With the wire removed, I continued on my way to the lane that led me around the foot of hill on which Beeston Castle is built. Soon enough, that was left too and I was planning how to end my walk once I had got as far as the foot of Peckforton Hills. It was near there that I left the Sandstone Trail after me.

Staying on the lane and the the subsequent track took me all of the way into Pennsylvania Wood where I should not have gone by rights. In my gathering haste, a sign had been misread and a friendly estate worker helpfully put me right after asking where I was headed. Continuing into the wood brought me to another right of way that conveyed me to Wood Farm. Pheasants were roosting for the night so it was not ideal but I had permission to continue and was soon away from where I was spooking any nearby birds. Hopefully, they settled after my passing.

More careful navigation got me onto Wood Lane so I was on tarmac again and would be road walking for the rest of the way to Tattenhall. What was gathering in my mind was a sense of irritation at my earlier lapse of concentration. More pressing, light was failing so a head torch was needed to light much of the way.

From Wood Lane, I turned left onto Birds Lane before eventually right onto Burwardsley Road for the final approach to Tattenhall. Despite the growing darkness, I still could track my progress and satisfied myself that I would be in time for the next bus to Chester. Thankfully, roads were not so busy either and I made my bus with time to spare. The walk had been a good one and any sense of embarrassment and bewilderment following my navigational faux pas was turned into impetus for finishing the trail.

Tattenhall to Hampton Heath

It was a sense of annoyance at Monday’s misnavigation that caused me to return to Tattenhall on Wednesday. There may have been emails flying around about tax affairs but there was space between these for attending to other things. An irritation had to be salved and a repeat visit was the cure. Episodes of sunshine were to brighten my mood as much as regaining a lost sense of navigational competence or being delighted by hilly surroundings.

Beeston Castle, Cheshire, England

The start was where the previous walk ended and, this time, I avoided road walking as much as I could. The advantage of having bright daylight meant that only map reading stood in my way and a first field crossing eased any nerves. Several more of these were needed before Dark Lane was reached and many had views of Beeston Castle as if to confirm that I was heading in the right direction. Crossing Burwardsley Lane brought me more field tramping until I reached Carrs Lane. My boots were well wet after all the plodding through damp grass and there could have been a blunder if attention had not been maintained for crossing from one side of the hedge to another was in order.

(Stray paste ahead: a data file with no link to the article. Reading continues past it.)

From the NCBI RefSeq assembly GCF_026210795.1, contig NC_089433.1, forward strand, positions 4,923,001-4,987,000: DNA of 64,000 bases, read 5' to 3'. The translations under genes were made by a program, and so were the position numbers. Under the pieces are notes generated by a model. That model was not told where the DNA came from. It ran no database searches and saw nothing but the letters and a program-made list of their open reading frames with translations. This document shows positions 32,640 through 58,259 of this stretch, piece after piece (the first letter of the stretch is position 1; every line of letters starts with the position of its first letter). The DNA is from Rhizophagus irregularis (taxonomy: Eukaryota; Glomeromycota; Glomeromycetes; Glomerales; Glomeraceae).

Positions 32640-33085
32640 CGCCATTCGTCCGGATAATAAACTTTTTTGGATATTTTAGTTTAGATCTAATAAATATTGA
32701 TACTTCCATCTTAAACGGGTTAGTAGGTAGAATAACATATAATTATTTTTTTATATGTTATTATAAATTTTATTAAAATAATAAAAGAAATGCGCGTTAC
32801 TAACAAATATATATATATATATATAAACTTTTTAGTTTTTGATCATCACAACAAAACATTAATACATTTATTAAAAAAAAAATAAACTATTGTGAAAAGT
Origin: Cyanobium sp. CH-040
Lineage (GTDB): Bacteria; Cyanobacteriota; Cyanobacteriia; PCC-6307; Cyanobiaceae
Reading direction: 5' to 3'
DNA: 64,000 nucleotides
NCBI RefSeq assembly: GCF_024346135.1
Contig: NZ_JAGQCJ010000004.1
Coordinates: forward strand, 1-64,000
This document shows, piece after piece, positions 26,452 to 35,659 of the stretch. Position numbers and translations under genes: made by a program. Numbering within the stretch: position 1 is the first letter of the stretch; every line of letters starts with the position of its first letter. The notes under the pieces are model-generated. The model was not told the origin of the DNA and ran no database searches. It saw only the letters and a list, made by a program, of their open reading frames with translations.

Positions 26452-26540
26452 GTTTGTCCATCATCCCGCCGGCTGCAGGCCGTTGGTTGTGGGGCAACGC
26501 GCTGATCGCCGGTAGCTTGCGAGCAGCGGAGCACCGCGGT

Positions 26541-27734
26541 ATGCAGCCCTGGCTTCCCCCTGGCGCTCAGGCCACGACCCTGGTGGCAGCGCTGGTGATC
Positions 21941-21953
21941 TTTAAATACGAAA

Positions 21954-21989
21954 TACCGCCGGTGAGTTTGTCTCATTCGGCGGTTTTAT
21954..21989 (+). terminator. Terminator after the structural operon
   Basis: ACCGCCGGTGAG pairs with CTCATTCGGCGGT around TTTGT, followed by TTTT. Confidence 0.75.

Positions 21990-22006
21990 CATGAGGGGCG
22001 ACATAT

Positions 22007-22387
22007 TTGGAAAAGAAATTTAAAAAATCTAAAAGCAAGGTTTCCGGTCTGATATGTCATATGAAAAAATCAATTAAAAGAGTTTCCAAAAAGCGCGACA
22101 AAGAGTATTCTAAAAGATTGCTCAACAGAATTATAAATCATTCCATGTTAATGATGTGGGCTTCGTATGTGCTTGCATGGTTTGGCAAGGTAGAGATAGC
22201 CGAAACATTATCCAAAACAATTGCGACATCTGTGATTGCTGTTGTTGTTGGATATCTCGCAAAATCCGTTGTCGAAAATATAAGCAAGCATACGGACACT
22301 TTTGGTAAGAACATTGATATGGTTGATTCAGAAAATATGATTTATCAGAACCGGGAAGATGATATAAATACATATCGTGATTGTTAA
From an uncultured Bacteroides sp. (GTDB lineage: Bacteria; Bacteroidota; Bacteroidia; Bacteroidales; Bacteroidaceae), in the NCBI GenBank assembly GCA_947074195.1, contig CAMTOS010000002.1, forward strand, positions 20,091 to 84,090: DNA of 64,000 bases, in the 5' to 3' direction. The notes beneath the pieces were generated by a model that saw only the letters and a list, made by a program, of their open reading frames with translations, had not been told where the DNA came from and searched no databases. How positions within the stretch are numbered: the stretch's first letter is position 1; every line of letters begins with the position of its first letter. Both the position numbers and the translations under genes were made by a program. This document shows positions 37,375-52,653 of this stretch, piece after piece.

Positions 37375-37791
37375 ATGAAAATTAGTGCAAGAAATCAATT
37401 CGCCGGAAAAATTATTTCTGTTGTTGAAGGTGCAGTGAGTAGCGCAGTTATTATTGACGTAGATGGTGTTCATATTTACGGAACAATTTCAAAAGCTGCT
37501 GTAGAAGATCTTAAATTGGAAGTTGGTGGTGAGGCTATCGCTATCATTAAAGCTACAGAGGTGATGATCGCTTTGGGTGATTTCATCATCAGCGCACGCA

The day was passing quicker than was ideal while all this was done so I did not delay along Carrs Lane, Birds Lane and Wood Lane. Leaving tarmac behind me, I again frequented where I had gone the previous time. This time around, I skirted Pennsylvania Wood rather than passing through it like before. Passing where I made my previous error, I retraced my steps to reach where I had left the Sandstone Trail only two days before.

Rejoining it, I went through gates into the Peckforton Estate and enjoyed following a clear track with all the annoyance of Monday’s slight misadventure being exorcised. There were others ahead but they stopped to consider their plans and I overtook them. Height was gained and rewards enjoyed in the form of westward views over the surrounding plain. That added altitude was to be retained as I continued along the edge of the Peckforton Hills.

Bulkley Hill was the first of two National Trust properties that I crossed and it had collected more folk than I had encountered up to that point. Exactitude with route finding was overlooked in favour of keeping near the edge of an escarpment that offered eastward views over the Cheshire Plain. Tree cover was plentiful so paths were not so distinct.

Bickerton Hill, Cheshire, England

Leaving Bulkley Hill brought me out into more open countryside before I again reached a slither of tree cover that would accompany me to Raw Head, the highest point of the whole trail where I tarried a bit in spite of both the time of day and much farther I was to travel. Soon enough, I continued on my downhill way towards the A534 after which more road walking took me to my second National Trust property, Bickerton Hill.